To Cruithnechan it was evident that the blessing of God rested in no small degree on the child of his fostering. Returning home one night he saw his house lit up as it were with a great fire, and fearing for the safety of his little charge he entered in haste. All was in darkness within, save over the head of the sleeping child, where there hung a globe of fire. The old man fell on his knees, not knowing what the portent might mean; but God reassured him, showing that the light of His Holy Spirit had been poured out abundantly upon Columba, who was to labour fruitfully in His service.
It has always been acknowledged by the Celtic races that among the children of men there are a chosen few who are gifted with the second sight. Strange instances are given of mortal eyes that have seen the invisible, and of men and women who have known things that are not to be discerned by the senses. A little corner of the veil that hides the spiritual world from the world of sense has been lifted. From the earliest ages, to those who are exceptionally pure of heart and holy, this contact with the spiritual world has been given in a supernatural degree. The materialist may scoff, but the voice of the Ages is louder and clearer in our ears than his.
From his childhood Columba seems to have possessed this gift in a very marked manner. His guardian angel, we are told by his biographers, appeared to him frequently, and the child would talk to him familiarly, and ask him if all the spirits in heaven were as radiant and beautiful as he. One day the angel bade the boy tell him what he would choose if any virtue might be his for the asking.
"Well hast thou chosen, Columba," said the angel, "they shall be thine, and God will add to them yet another gift."
So it came to pass in the course of time that there appeared one day before Columba three beautiful maidens, who would have embraced him, but he pushed them roughly away.
"Dost thou not know us, Columba?" asked one of them, and a celestial radiance shone from her face and garments as she spoke. "We are three sisters sent to thee from our Father, that we may abide with thee for ever."
"I know you not," said Columba. "Who is your father?"
"Our Father is God, the Lord and Saviour of the world," answered the maiden, and her voice was like the music of heaven.
"Truly a noble parentage," said the boy. "By what names do men call you?"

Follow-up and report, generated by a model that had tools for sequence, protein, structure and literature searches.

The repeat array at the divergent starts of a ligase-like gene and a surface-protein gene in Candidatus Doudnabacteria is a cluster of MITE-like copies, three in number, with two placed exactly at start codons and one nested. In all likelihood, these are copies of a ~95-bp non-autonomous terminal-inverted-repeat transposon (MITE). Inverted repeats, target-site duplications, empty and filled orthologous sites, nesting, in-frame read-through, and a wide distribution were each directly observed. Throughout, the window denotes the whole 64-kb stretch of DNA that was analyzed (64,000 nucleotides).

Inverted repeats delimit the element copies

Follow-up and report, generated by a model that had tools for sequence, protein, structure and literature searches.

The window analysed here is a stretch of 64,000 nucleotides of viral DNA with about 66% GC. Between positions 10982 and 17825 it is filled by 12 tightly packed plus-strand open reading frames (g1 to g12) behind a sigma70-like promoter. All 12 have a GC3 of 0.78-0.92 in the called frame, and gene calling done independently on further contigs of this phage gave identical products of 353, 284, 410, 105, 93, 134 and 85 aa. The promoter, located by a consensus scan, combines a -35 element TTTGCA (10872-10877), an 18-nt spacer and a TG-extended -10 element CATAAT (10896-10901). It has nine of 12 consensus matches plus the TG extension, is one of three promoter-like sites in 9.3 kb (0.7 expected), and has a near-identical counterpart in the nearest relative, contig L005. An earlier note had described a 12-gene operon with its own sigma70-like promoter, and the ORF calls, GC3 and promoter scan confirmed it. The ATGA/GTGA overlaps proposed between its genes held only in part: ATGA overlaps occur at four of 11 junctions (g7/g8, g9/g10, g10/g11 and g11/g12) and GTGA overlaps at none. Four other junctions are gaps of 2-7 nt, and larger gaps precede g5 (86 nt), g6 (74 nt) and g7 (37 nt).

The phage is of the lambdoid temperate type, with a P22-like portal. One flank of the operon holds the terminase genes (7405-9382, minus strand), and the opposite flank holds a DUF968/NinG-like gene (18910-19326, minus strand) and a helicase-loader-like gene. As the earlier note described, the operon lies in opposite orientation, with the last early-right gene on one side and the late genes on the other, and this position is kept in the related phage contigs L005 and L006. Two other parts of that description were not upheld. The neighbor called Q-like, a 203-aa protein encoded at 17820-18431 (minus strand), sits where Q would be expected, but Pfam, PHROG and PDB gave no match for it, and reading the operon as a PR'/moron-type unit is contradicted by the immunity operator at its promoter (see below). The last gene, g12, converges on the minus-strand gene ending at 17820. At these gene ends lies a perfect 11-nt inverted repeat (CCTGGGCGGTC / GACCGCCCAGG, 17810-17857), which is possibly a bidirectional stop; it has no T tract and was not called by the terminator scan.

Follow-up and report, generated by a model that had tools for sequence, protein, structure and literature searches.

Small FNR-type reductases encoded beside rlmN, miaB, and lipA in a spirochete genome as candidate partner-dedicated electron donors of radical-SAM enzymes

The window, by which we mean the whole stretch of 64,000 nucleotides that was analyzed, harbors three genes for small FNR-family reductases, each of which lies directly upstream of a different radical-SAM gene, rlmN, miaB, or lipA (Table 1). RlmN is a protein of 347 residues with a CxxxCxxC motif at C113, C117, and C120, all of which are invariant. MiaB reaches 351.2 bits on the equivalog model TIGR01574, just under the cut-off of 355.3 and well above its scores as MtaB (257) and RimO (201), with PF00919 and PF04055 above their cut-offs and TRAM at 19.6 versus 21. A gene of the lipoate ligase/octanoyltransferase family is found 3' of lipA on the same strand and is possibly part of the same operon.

"Our names are Purity, Prophecy, and Wisdom," she answered, "and we have come never to leave thee more, and to love thee with an incorruptible love."
So among the peaceful hills and lakes of Donegal the boy Columba grew into manhood. Tall and fair and straight of limb was the son of Eithne and Fedhlimidh, with a voice clear and sweet as a trumpet-call, and a heart that was fearless, pure, and true. Cruithnechan had done his work well; he had taught Columba all that he knew of earthly lore and of heavenly; but the time of his fostering was over. He must go forth now into the great world that lay beyond the quiet mountains, the world of strife and of tragedy, of joy and of sorrow.
A strange world and one of many contrasts, that of Ireland in the sixth century. To the unanimous voice of Christianity she owed her name of the "Island of the Saints." From the days of St. Patrick the monastic schools, veritable cities of God in the midst of the strife and barbarism of those early days, exerted their influence on the life around them in favour of piety, learning and civilization. Here were being formed a whole population of writers, theologians, architects, sculptors, poets, historians, and above all of missioners and preachers, who were to carry the light of the Gospel far and wide into other lands. The founders of these schools were mostly of the noblest blood in Ireland, and kings and princes did not disdain to come to them for advice and help, or even to listen to their reproofs. Most powerful for good was the influence of the Church in Ireland, and well for her that it was so, for the times were wild and lawless.
To the Hy-Nialls, the kinsmen of Columba, belonged the whole north-west of Ireland. The sovereign rule over the entire country was theirs, in the Irish colony of Dalriada in Caledonia over the seas, as well as in the mother-country of Erin.
They exercised authority over the provincial kings, but an authority that was often hotly contested, and stormily maintained at the cost of much bloodshed. The king was elected from either branch of the great Niall family or clan, the Hy-Nialls of the North, to which Columba belonged, or the Hy-Nialls of the South, and the two branches were continually at war. Into the midst of these discordant elements the law of Christ brought peace and justice, and the Saints of Ireland were the pillars of the law of Christ.
FRANCISCUS CANONICUS WYNDHAM
+ EDM. CAN. SURMONT
WESTMONASTERII, die 7 Octobris, 1913.